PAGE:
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Jesus hosts a last meal with his disciples. He knows he’s about to die, and he knows he is about to return to his Father. And knowing both those things, Jesus takes off his shirt, kneels in the dirt, and washes his disciples’ feet (John 13:3-5). Peter is offended that his Master would stoop so low. But Jesus explains that this is a symbol of salvation—if Peter refuses Jesus’ humiliation, he will never share Jesus’ eternal life (John 13:8).
Taking the logic one step further, Peter demands Jesus wash all of him (John 13:9). But Jesus makes a second point—Peter is already clean; all he needs are his feet washed. Once Jesus saves him and makes him pure before God, he cannot lose that because nothing is more powerful than the stain-washing power of Jesus' blood (John 13:10). But as Peter takes up the messy task of following Jesus, he will find that acting like Jesus will always require additional washing. Jesus' humiliation saves them definitely and continually.
But just because Jesus washed his disciples feet and they had proximity to him doesn’t guarantee that everyone is with him. Jesus makes it clear to Peter that Judas is a traitor and sends Judas out of the house (John 13:26). With Judas gone, Jesus' death is fast approaching. Jesus begins to share final words with his followers.
In Jesus’ humiliation, God will be worshipped. His glory will be proclaimed as Jesus rises from the dead. So although the disciples cannot join Jesus on that journey, they can continue his ministry in his place. They can love one another just as he has loved them (John 13:34-35). And when they copy Jesus’ humiliating, sacrificial love toward one another, the world will witness the power of the gospel.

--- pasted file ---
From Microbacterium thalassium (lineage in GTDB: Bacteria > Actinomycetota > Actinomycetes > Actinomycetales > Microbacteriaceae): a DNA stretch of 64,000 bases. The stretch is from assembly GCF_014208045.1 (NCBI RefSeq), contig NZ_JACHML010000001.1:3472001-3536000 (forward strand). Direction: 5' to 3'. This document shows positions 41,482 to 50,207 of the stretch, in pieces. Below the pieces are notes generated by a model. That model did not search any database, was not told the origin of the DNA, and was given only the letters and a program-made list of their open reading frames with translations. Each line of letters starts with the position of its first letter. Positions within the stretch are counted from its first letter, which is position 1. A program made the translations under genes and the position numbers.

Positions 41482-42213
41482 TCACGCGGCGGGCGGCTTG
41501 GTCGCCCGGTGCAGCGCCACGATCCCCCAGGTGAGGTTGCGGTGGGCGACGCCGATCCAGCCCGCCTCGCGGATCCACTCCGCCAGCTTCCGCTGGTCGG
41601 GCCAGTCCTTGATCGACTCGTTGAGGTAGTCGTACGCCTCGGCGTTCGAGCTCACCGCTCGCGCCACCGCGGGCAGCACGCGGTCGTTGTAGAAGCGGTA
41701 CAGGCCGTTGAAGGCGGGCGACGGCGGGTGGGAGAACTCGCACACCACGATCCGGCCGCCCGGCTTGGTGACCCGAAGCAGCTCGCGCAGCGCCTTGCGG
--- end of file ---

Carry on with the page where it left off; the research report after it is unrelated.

Where is the Gospel?
We live in a world that is indifferent or hostile to Jesus. But Christians are supposed to prefer the humiliation of service and death over the honor of being served. Jesus washed Judas’ feet. He fed him from his hand. Christian’s should have this same posture of humble sacrifice toward the world. We offer Christ-like love, knowing that not all will respond with devotion to Christ. But in doing so, our lives become good news.
Our lives become a living continuation of what Jesus said in John 3:16. Just as God so loved the world that he sent Jesus, Jesus so loves the world that he sends us. We aren’t sent to condemn the world but to wash its feet and use our few and final hours to prepare a feast for it.
We’re promised that when we love others as Christ has loved us, the world will know that we are Jesus’ disciples. Jesus’ foot washing is not just an example for us to follow but a guarantee that a Christian’s humiliation is never wasted. In Christ, death and humiliation is always the path to eternal life and honor.
See for Yourself
May the Holy Spirit give you eyes to see the God who so loved the world that he gave what was most precious to him. And may you see Jesus as the one who commissions you to love as he has loved you.